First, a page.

Tuesday, August 31, 2004
Follow me on a little imaginative journey: You and I have invented the wondermeter, a device that captures bold ideas and original insights. Using the wondermeter we are able to measure the daily wonder production of Oregon.
As it turns out, every Oregonian has at least three bold ideas and original insights a day. The population of Oregon is almost 3.6 million. According to the wondermeter, at least 11 million bold ideas and original insights erupt in Oregon every day. That's approximately 4 billion bold ideas and original insights a year. Four billion.
Wow, really? Three a day? Every single one of us? I mean, sure, somebody might have hit the trifecta today, but all of us?
This discovery leads us to wonder what happens to all this genius.It died listening to you, I suspect, but let's continue.
Does it evaporate into thin air? Do great ideas and original insights end up on the cultural compost heap of lost dreams and faded hopes? Are we squandering our most precious natural resource?No! No! We mustn't!
All Oregonians should have a right to fulfill their untapped potential.They do, sir. It's called "the pursuit of happiness". It doesn't mean they will fulfill it, they just have the right to try.
The news that Oregon's middle- and high-schoolers are not doing well on standardized tests is disappointing, but it may also be pointing us in the wrong direction. More scientific discoveries have taken place in the last 10 years than in the previous 600. To reduce learning to the measuring and mismeasuring of antiquated knowledge is a huge strategic error that will result in considerable suffering and a weakened economy.Let's suppose your Future Shock story is true. How is it that we could discover all this new stuff in the last ten years and not discover new ways to measure what our kids are learning? Not all antiquated knowledge is useless, by the way. Just because some dead guy figured out gravity long ago doesn't make learning physics a "huge strategic error". And not everything discovered in the last ten years will withstand the test of time. Think "digital audio tape."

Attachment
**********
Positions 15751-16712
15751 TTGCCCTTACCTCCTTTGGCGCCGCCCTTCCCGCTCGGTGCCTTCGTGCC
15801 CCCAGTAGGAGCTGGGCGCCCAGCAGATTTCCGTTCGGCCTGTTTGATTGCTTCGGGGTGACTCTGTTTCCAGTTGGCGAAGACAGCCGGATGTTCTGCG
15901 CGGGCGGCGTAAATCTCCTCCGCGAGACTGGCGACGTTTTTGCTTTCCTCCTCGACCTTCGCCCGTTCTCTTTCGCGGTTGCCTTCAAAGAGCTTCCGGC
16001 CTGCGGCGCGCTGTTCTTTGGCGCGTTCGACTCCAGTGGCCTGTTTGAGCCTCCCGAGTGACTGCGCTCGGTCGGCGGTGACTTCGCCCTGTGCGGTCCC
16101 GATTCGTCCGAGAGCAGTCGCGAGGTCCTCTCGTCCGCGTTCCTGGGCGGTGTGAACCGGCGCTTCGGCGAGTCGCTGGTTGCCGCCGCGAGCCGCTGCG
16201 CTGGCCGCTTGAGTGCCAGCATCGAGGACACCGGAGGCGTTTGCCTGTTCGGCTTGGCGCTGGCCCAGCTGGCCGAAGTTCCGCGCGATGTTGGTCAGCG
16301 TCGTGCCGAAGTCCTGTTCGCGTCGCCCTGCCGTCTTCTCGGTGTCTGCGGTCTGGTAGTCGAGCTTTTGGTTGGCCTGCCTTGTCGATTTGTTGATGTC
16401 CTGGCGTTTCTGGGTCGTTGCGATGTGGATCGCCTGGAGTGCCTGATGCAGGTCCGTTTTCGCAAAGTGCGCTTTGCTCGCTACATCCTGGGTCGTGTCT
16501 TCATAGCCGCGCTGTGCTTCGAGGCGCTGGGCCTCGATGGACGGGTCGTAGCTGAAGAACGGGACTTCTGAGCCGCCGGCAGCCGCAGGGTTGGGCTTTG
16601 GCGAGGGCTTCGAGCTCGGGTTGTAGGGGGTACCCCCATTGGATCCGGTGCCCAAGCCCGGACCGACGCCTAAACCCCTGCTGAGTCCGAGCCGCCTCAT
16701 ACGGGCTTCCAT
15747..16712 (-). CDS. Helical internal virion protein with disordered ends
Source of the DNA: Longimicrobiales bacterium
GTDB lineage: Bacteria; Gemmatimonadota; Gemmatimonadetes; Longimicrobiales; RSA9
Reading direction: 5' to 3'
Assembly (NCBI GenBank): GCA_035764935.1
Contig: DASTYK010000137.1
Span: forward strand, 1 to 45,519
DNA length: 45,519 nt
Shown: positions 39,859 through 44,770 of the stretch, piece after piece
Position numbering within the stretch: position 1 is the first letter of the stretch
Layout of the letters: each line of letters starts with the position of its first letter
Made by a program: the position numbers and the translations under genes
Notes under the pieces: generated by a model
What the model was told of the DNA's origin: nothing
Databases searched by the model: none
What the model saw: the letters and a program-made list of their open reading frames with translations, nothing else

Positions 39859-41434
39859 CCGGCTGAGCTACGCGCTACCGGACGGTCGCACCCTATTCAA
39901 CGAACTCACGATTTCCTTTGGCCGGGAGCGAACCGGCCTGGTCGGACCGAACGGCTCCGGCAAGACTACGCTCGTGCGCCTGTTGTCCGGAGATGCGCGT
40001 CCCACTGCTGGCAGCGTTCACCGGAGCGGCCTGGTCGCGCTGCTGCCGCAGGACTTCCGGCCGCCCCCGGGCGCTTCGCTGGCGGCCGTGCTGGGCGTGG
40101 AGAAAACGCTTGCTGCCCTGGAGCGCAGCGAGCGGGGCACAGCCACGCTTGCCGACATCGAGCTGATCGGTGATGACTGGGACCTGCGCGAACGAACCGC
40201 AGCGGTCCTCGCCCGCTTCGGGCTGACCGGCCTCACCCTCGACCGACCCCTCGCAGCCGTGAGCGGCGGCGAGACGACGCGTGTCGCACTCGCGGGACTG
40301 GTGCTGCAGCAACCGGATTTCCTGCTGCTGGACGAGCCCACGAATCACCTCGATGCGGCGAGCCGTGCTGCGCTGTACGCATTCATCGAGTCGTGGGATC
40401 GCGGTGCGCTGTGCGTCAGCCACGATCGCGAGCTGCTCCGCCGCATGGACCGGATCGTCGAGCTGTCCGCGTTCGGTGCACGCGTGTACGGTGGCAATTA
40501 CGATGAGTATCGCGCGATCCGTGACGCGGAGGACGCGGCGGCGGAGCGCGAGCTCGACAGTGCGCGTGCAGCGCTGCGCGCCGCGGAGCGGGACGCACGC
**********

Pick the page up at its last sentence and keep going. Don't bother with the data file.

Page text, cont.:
Some truths endure.
It is said that Oregon loves dreamers.We hate 'em here in Minnesota. We'd shoot 'em if we weren't busy blowing mourning doves out of the sky.
What would an inclusive, high-performance education system look like for Oregon's dreamers?Can you feel it coming? Here's his big insight.
Here are some suggestions: Coordinate all the state's educational assets.Ah yes -- we need more centralized control, unless you have Republicans in the Dept. of Education, in which case you want local control.
There is a disconnect between higher education and K-12 education, there is a disconnect between the public sector and the private sector, and there is a disconnect between universal education and education for economic productivity. Instead of a competitive model, let's imagine a cooperative model where all the state's assets are used.And in a competitive model, a useful asset would lie idle? No, as shown time and again, education works best when one is impelled to innovate by the force of competition, the threat of loss of students, funding, jobs. This guy goes on for another 200 words to describe "partnering" and "retention" and so on, without recognizing that the market for and of education has considerable "churn" and will cause some schools to fail, some teachers to not make the grade. The churn is what provides accountability, which is anathema to this education dean.
Accountability is one of the current buzzwords in education, but accountability is too often translated into test scores. I am suggesting an accountability that goes far deeper. We are accountable for the welfare of our citizens. Oregon's dreamers deserve opportunities to make their dreams real. Wonder is our most precious natural resource; we dare not squander it.Accountability does go deeper. It goes to the bottom line, if you allow bottom lines to define success and failure of schools. It goes to parents who can vote with their feet when their child's school's report card doesn't measure up.
Accountability isn't test scores. It's choice.
(Hat tip: Joanne Jacobs. )